TORONTO, Sept. 18 (UPI) -- The existing mental health services in Ontario, Canada, do not adequately meet the needs of bisexual people, researchers said.
Researchers at the Center for Addiction and Mental Health and the Sherbourne Health Center evaluated the experiences of bisexual people in Ontario based on three main determinants of health: social factors, including biphobia and stigma; interpersonal relationships including the workplace and partners; and internal factors, including self-acceptance and identity struggles.
The results demonstrated that social biphobia and stereotypes about bisexuals have far reaching negative effects on the mental health and well-being of bisexual people, the researchers said.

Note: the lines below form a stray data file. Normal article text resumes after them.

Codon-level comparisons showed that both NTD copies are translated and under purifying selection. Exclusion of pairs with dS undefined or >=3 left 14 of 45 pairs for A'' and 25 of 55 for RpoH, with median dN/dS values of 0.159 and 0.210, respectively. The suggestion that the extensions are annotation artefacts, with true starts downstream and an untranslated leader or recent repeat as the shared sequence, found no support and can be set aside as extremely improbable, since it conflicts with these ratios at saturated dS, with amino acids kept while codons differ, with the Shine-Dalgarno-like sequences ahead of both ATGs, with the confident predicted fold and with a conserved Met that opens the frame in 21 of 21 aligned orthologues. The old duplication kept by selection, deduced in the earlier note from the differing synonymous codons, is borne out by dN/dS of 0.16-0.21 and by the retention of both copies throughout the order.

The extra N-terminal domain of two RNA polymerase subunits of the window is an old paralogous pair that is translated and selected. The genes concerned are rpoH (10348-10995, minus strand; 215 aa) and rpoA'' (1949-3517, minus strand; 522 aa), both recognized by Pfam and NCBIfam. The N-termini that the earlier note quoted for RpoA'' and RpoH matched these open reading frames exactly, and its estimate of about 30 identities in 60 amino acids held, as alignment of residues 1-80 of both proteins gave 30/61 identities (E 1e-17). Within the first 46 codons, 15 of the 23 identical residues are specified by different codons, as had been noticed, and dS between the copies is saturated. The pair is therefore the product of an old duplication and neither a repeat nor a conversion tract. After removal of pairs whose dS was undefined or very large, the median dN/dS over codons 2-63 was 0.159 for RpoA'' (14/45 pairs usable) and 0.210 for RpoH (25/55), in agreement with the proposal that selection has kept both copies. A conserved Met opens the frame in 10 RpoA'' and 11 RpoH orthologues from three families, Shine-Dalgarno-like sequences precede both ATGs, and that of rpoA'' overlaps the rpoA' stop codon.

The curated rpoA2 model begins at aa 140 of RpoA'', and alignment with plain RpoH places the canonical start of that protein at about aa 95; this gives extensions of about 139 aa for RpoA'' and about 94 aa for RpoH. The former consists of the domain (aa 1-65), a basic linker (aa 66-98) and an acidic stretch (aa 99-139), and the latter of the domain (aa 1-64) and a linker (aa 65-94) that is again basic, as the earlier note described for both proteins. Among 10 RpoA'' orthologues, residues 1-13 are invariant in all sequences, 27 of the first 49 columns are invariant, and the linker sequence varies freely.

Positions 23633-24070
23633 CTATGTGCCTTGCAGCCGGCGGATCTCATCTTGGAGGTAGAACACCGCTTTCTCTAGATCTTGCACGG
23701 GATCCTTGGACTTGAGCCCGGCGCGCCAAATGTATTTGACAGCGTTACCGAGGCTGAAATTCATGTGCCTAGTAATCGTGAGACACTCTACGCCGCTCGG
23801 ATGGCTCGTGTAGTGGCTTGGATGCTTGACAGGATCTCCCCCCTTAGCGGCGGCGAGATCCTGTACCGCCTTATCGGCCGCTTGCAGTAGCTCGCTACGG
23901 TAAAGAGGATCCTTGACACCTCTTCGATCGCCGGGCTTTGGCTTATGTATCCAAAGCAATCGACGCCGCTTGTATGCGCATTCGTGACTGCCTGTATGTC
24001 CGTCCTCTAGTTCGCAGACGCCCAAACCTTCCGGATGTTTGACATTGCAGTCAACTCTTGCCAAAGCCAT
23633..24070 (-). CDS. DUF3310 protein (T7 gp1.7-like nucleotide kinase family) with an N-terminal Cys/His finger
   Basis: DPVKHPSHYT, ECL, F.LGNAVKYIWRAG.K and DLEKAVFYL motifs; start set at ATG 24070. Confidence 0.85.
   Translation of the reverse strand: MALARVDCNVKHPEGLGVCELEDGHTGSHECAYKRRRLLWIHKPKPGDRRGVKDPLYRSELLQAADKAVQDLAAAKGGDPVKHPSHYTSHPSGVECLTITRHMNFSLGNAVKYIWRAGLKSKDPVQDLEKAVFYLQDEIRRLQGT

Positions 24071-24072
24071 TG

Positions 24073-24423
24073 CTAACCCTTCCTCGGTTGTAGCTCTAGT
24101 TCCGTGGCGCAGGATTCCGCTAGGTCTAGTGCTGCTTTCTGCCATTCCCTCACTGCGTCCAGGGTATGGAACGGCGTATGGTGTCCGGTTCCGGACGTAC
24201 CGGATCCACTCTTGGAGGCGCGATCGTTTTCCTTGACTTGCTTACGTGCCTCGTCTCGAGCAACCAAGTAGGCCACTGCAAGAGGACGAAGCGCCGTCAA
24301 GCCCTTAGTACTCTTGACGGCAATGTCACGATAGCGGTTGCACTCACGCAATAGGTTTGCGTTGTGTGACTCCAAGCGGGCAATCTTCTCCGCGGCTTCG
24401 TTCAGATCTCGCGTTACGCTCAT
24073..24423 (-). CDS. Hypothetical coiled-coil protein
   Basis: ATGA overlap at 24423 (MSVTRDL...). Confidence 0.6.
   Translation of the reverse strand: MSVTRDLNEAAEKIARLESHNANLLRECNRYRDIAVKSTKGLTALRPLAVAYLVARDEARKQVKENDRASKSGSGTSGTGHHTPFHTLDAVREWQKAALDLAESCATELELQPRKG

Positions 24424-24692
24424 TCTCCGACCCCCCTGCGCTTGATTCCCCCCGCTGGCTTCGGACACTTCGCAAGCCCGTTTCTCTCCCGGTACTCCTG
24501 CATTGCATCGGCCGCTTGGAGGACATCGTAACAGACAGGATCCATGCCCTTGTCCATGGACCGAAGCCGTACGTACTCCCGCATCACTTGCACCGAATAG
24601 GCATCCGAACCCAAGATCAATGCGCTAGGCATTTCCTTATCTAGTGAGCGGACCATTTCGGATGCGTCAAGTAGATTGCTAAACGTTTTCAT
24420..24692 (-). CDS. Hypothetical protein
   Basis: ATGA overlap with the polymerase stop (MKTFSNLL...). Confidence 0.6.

Although previous research shows that bisexual people are more likely to seek help with mental health issues than heterosexuals, many who were surveyed expressed frustration when interacting with the healthcare system.
"Many participants reported that they felt that some (gay)-friendly therapists were uncomfortable dealing with certain mental health issues, while mainstream mental health clinicians did not have an understanding of the specific challenges faced by bisexual people," Dr. Lori Ross of CAMH said in a statement.
The research results are scheduled to be presented at an event Tuesday at the Sherbourne Health Center in Toronto.